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Hispanic Women's Preferences for Breast Health Information: Subjective Cultural Influences on Source, Message, and Channel
Unformatted Document Text:  Breast Cancer Communication Preferences 19 predicting multiple communication preferences included traditional identity (media channels and no information [-]), marginal identity (expert sources [-] and no information), and equity attributions (fear messages and no information). The correlational and regression analyses indicate four clusters of relationships between subjective culture and communication preferences. In the first cluster, both interdependence and traditional identity were associated positively with media and face-to-face channels. This cluster is one that is stereotypically associated with Hispanic culture (i.e., collectivism) and often used in communication campaigns targeting Hispanic women to increase breast cancer screening (e.g., Castro et al., 1995; Ramirez et al., 1995; Perez-Stable et al., 1996). The second cluster is that interdependence and assimilated identity were related positively with fear messages and family sources. This cluster is somewhat counterintuitive in that assimilated individuals in the U.S. are associated with individualism and self-reliance. However, family relationships are important for individualistic individuals as well as collectivistic individuals (Triandis, 1995). The third cluster is that marginal identity and equity attributions were associated positively with fear messages and no information. Marginalized individuals and those with equity attributions tend to view breast cancer as an event to be fearful of and something that is not entirely within their control (i.e., fatalism) (Borrayo, Guarnaccia, & Mahoney, 2001; Tortolero-Luna et al., 1995). Thus, the fear messages are likely consistent with their reality, but they (or at least part of them) prefer not to hear anything about cancer. The final cluster is bicultural identity and behavior-environmental attributions positive association with encouraging messages and media channels. This cluster is the opposite of the third cluster in that these individuals view that they have control of their lives and want to learn about what they can do about breast cancer (Murguía et al., 2000).

Authors: DeVargas, Felicia., Sanchez, Christina. and Oetzel, John.
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Breast Cancer Communication Preferences
19
predicting multiple communication preferences included traditional identity (media channels and no
information [-]), marginal identity (expert sources [-] and no information), and equity attributions (fear
messages and no information).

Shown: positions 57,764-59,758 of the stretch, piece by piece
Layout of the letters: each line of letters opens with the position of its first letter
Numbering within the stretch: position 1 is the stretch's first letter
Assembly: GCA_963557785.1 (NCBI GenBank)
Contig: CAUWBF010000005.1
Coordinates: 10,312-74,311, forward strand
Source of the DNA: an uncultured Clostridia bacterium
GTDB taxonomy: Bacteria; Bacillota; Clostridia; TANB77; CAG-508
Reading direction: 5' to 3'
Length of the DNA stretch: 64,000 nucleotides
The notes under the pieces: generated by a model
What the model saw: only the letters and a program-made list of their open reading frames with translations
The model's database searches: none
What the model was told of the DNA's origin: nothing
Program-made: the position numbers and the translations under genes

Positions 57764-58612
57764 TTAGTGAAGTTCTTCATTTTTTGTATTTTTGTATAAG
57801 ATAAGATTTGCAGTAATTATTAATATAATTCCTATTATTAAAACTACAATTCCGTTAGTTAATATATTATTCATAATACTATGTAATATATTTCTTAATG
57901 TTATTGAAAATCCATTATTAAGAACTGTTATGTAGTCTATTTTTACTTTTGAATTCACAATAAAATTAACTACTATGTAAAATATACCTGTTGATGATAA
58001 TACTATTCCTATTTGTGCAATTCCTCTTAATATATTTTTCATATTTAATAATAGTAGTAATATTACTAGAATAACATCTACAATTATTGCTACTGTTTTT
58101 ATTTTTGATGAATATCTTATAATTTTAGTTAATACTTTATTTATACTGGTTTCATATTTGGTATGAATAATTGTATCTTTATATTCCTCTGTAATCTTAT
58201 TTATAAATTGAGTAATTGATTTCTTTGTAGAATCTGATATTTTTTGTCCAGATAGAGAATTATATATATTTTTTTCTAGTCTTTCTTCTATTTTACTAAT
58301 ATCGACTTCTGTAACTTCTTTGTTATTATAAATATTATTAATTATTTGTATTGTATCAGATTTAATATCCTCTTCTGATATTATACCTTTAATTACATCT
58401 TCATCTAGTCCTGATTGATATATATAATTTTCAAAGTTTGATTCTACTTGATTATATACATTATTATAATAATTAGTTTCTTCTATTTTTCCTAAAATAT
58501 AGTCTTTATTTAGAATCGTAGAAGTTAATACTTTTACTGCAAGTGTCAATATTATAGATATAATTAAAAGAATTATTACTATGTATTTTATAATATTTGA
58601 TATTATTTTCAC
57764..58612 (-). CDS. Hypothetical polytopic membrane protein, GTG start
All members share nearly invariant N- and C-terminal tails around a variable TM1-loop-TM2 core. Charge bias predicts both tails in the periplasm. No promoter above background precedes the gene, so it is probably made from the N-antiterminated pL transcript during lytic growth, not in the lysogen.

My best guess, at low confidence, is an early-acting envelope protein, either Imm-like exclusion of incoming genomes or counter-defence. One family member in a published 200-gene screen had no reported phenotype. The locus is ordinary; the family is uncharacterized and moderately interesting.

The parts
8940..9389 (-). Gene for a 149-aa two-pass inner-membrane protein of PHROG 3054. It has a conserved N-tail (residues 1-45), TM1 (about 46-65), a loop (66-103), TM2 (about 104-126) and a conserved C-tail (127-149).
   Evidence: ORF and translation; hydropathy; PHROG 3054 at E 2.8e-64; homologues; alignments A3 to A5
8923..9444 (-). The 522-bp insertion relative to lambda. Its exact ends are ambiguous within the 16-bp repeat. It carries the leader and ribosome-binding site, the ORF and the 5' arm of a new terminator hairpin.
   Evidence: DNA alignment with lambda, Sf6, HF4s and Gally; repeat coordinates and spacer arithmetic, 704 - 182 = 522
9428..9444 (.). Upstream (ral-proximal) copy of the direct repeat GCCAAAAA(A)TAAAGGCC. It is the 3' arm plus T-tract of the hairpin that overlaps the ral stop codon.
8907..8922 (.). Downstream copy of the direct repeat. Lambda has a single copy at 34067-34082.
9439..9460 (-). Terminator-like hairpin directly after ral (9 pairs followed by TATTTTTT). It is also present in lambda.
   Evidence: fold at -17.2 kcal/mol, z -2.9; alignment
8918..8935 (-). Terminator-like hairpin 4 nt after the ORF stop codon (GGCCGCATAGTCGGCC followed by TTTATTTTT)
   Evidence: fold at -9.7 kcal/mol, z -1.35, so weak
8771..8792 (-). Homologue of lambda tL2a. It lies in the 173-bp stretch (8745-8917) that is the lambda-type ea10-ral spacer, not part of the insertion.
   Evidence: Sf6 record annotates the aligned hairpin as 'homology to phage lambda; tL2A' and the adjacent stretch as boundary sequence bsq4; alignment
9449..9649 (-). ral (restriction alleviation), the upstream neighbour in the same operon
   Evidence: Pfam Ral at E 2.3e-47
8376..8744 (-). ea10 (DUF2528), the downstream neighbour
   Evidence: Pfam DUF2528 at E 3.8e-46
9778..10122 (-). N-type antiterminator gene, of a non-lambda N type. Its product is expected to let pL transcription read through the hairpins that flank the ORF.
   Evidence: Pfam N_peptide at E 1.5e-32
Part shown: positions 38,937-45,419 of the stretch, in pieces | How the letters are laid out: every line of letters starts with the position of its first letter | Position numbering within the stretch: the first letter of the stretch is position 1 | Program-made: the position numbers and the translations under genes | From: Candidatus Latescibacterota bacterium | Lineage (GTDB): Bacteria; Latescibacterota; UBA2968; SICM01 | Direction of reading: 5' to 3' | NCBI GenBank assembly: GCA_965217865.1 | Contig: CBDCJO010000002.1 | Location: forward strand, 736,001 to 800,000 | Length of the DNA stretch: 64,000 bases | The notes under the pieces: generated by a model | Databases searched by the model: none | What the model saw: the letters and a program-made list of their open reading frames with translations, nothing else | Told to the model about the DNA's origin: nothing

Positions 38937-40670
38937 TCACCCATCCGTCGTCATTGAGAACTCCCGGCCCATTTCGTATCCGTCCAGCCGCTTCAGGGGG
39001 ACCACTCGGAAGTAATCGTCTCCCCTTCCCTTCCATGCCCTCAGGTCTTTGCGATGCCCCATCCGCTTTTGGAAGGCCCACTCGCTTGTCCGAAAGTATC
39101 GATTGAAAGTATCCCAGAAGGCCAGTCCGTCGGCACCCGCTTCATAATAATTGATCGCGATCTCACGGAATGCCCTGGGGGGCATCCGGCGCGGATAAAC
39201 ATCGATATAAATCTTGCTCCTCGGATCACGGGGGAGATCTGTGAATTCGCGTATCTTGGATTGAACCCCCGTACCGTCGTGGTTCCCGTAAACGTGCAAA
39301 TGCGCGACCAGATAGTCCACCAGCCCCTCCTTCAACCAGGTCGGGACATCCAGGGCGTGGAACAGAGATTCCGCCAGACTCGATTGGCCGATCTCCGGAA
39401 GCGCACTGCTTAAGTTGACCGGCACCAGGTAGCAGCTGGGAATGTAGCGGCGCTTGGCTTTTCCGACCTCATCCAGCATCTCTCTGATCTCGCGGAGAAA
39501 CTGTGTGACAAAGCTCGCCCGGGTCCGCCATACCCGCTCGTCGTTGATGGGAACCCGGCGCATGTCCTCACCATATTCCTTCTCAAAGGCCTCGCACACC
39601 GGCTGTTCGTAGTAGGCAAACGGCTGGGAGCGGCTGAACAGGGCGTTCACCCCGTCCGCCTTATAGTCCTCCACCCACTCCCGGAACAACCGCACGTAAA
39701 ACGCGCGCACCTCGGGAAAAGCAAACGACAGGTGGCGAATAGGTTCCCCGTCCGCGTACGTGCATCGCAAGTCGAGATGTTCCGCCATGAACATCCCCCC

The correlational and regression analyses indicate four clusters of relationships between
subjective culture and communication preferences. In the first cluster, both interdependence and
traditional identity were associated positively with media and face-to-face channels. This cluster is one
that is stereotypically associated with Hispanic culture (i.e., collectivism) and often used in
communication campaigns targeting Hispanic women to increase breast cancer screening (e.g., Castro
et al., 1995; Ramirez et al., 1995; Perez-Stable et al., 1996). The second cluster is that interdependence
and assimilated identity were related positively with fear messages and family sources. This cluster is
somewhat counterintuitive in that assimilated individuals in the U.S. are associated with individualism
and self-reliance. However, family relationships are important for individualistic individuals as well as
collectivistic individuals (Triandis, 1995). The third cluster is that marginal identity and equity
attributions were associated positively with fear messages and no information. Marginalized
individuals and those with equity attributions tend to view breast cancer as an event to be fearful of and
something that is not entirely within their control (i.e., fatalism) (Borrayo, Guarnaccia, & Mahoney,
2001; Tortolero-Luna et al., 1995). Thus, the fear messages are likely consistent with their reality, but
they (or at least part of them) prefer not to hear anything about cancer. The final cluster is bicultural
identity and behavior-environmental attributions positive association with encouraging messages and
media channels. This cluster is the opposite of the third cluster in that these individuals view that they
have control of their lives and want to learn about what they can do about breast cancer (Murguía et
al., 2000).


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